White House chief economic adviser Larry Kudlow warned that coronavirus stimulus talks are starting to stall Friday, with no apparent sign a deal will be reached this week.
“It’s very difficult,” he said. “The clock is ticking, as you know.”
Mr. Kudlow’s skepticism comes just a few days after the White House eyed a 48-hour window to nail down a deal by Friday — the last day negotiators said a deal had to be reached by in order to get it passed before Election Day.
Keeping up the optimistic message, House Speaker Nancy Pelosi said during an interview on MSNBC that there were still some differences to work out but noted, “We put pen to paper. We’re writing the bill.”
Although, that was the same status update for negotiations over the past few days.
There hasn’t been any readout on talks from Mrs. Pelosi, California Democrat, or Treasury Secretary Steven T. Mnuchin since Wednesday. The speaker told reporters that she was waiting to hear back from her committee chairs.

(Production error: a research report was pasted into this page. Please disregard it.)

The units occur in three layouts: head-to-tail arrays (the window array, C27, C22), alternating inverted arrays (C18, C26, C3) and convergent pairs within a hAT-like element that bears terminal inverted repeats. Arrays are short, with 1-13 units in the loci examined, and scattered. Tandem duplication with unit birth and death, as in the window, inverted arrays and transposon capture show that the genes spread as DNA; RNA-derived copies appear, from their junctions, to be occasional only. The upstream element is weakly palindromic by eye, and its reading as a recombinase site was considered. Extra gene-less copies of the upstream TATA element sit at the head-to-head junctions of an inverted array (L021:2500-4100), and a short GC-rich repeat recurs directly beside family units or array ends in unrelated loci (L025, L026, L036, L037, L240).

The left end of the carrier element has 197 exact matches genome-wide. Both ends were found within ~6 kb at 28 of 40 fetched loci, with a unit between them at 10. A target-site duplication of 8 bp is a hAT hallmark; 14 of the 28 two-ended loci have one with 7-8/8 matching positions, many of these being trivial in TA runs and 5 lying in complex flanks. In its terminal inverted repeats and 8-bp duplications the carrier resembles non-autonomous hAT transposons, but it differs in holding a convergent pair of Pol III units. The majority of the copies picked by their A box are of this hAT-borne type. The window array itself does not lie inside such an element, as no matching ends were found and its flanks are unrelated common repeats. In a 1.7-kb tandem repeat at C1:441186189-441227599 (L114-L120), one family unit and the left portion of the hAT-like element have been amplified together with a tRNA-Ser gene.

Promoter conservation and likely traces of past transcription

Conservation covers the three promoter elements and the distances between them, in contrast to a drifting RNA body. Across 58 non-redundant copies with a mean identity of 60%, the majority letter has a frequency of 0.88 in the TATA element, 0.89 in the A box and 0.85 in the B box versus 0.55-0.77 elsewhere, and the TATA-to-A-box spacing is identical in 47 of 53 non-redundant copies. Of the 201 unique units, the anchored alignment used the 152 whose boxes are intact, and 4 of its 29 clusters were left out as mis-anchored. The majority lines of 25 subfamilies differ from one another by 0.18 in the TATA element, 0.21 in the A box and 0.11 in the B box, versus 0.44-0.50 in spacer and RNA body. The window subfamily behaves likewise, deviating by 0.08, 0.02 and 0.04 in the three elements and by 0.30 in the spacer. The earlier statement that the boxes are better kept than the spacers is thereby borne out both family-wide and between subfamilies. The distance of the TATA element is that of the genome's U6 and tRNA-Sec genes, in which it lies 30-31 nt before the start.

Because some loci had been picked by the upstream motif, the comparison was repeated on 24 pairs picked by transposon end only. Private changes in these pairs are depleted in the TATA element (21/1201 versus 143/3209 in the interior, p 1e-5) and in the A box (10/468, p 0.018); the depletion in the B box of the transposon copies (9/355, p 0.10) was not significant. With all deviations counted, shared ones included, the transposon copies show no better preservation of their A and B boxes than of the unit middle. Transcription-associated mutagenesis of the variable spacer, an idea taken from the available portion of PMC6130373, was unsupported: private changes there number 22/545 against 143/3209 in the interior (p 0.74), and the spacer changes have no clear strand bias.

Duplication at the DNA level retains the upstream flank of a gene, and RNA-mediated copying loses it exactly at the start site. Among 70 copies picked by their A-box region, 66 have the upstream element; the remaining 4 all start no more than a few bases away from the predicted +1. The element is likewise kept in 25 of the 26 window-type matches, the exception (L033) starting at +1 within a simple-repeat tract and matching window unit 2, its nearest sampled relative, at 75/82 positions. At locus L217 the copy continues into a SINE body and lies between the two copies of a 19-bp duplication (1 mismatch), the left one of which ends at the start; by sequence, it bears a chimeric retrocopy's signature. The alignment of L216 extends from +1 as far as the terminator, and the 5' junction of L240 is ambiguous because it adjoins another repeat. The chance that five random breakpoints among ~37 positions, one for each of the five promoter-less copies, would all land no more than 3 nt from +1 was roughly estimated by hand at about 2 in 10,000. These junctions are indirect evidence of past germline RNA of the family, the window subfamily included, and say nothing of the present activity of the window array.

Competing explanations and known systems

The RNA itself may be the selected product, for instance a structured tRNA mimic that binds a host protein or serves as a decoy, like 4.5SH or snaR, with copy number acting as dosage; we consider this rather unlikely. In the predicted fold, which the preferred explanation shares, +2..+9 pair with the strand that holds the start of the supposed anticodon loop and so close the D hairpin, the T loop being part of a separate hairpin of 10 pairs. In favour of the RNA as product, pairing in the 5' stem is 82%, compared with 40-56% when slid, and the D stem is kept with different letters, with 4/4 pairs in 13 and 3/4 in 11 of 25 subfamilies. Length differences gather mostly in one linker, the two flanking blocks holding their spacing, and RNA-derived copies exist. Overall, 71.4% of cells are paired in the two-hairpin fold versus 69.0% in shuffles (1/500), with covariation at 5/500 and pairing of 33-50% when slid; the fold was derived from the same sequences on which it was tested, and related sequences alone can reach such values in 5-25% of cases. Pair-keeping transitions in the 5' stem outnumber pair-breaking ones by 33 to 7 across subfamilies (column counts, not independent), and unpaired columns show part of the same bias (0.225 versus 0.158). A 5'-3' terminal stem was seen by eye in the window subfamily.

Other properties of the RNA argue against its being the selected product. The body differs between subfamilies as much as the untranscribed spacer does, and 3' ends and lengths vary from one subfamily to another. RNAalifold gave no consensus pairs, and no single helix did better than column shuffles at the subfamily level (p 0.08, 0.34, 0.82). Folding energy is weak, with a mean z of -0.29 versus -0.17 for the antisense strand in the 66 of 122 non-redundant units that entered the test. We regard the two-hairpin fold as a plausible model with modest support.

The outstanding issues raised by White House officials and Mrs. Pelosi are part of the same core problems that collapsed talks back in August.
Those include funding for state and local governments, policies on how that can be spent, liability protections, education funding and boosted unemployment benefits.
Mr. Kudlow said the Senate Republicans would back a “genuinely bipartisan deal” if some of their priorities were included.
Senate Republicans haven’t been shy about their skepticism for a deal, with many raising their concerns about the potential policy issues wrapped up in a massive price tag somewhere between $1.8 trillion and $2.2 trillion.
Sen. Richard Shelby, chair of the Senate Appropriations Committee, said he hasn’t seen enough details about the potential package.
“I think we’re not going anywhere. A lot of talk, no action,” the Alabama Republican told reporters on Thursday. “I think, maybe the secretary, he’s wanting a deal. But the speaker’s looking down the road maybe till after the election.”
Republicans are united in blaming the delay on Mrs. Pelosi and her demands, while she is citing the Senate’s own hesitancy and President Trump’s unpredictability as reasons a deal could drag on.
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